OPINION: Greens policy 'reckless'

October 11, 2016

As appeared in Newcastle Herald 11th October 2016
 
Imagine if a political party announced there would be no more beef, wool or wine produced or exported from the Hunter or anywhere in NSW, by 2020. Imagine the impact on jobs, exports and tourism.

The NSW Greens have a policy to end an even bigger industry. Their policy is to abolish the coal industry in NSW within three years, despite the fact that national coal exports are worth $38 billion, more than beef, wheat and wool and wine combined.

In the Hunter, 11,000 workers and their families rely on mining. The industry directly contributed $4.8 billion to the region's economy in the last financial year, including wages, salaries and spending with 3714 local businesses.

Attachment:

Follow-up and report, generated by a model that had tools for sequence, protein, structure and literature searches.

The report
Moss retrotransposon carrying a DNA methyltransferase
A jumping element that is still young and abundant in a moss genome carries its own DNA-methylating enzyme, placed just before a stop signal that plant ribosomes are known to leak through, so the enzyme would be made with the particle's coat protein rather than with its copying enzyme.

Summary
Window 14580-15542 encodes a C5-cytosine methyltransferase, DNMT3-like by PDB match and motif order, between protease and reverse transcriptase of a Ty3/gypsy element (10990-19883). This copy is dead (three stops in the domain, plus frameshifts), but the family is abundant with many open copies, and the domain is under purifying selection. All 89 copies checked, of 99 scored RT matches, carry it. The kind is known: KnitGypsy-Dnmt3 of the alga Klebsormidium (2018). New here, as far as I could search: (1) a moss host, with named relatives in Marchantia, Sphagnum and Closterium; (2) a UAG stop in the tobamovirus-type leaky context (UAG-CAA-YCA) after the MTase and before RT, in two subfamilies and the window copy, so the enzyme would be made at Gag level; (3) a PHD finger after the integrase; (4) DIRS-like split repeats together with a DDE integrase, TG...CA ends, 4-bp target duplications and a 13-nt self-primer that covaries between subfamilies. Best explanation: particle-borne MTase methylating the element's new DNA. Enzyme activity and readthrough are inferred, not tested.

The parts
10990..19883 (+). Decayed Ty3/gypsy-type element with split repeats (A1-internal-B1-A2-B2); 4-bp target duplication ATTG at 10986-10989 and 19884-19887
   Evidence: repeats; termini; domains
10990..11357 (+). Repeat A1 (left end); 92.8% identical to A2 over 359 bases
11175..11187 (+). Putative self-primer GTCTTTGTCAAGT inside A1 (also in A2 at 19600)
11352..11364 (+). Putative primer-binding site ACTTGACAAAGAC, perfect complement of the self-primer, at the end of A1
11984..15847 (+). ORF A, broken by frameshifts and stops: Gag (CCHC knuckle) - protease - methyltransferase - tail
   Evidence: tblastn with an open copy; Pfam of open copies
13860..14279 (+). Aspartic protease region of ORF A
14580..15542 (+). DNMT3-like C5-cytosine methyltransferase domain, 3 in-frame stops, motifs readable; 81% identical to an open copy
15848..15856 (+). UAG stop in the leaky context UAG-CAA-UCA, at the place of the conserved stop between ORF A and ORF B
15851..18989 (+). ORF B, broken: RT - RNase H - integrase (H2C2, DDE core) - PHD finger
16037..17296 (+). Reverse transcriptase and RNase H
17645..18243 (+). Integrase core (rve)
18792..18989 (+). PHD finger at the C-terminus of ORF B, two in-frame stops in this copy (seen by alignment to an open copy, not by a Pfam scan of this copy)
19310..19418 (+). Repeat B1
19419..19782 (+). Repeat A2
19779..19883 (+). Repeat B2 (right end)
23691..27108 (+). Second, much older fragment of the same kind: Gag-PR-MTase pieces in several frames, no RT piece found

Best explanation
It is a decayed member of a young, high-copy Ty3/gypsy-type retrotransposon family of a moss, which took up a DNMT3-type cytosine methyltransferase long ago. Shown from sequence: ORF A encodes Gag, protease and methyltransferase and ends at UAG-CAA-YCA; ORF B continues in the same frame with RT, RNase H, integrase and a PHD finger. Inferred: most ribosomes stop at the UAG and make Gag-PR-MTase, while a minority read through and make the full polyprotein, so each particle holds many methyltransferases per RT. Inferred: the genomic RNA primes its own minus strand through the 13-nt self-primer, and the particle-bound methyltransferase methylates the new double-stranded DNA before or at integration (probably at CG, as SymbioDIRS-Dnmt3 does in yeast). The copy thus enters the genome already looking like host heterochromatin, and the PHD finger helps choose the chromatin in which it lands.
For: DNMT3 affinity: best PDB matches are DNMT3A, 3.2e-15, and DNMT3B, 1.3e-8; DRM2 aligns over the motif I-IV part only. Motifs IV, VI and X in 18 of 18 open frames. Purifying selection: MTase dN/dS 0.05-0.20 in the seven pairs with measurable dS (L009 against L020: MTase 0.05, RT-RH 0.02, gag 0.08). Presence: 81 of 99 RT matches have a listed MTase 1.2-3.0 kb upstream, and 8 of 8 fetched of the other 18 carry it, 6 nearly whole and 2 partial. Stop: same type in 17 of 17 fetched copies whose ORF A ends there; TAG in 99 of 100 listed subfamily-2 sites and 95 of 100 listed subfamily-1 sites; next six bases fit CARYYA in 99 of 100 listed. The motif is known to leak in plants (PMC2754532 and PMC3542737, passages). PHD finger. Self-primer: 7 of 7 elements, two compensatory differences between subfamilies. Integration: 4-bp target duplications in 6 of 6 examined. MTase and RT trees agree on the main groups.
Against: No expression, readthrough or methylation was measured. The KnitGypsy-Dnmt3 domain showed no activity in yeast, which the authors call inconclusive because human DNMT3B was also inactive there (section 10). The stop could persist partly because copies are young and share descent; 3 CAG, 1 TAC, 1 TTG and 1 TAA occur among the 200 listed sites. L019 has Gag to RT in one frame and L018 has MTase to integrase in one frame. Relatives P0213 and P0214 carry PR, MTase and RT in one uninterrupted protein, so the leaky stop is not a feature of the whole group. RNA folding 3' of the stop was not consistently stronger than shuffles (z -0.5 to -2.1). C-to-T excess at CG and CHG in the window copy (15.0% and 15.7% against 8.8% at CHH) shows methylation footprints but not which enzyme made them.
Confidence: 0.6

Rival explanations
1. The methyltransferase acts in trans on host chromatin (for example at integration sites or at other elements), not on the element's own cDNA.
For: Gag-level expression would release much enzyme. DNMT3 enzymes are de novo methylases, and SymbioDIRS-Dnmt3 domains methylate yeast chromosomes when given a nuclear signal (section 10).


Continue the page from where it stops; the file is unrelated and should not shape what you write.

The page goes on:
This direct spending generated around one quarter of the Hunter's economic activity. The Greens want to end all this by 2020, wreaking economic catastrophe on the Hunter.

No-one really expects serious economic policy from the Greens, but here's the twist. Recently, an outfit called 'The 'Australia Institute' released 'economic analysis' claiming that ending the coal mining industry would have 'minimal economic disruption' on the state economy. Using the Hunter as an example, the report suggested that ending the region's mining industry would barely have an impact. It ignored the lost export and royalty income that would result from ending the coal industry. The report also dismissed the impact of 11,000 direct job losses in the Hunter.

How could such a flimsy piece of work be released in the guise of an 'academic report'? Research reveals the 'Australia Institute' is run by former advisers to the Greens. Like the Greens, the 'Australia Institute' has a long history of campaigning against mining. As demand for energy increases, we need to secure our economic future by supporting our crucial industries.

Stephen Galilee is the CEO of NSW Minerals Council

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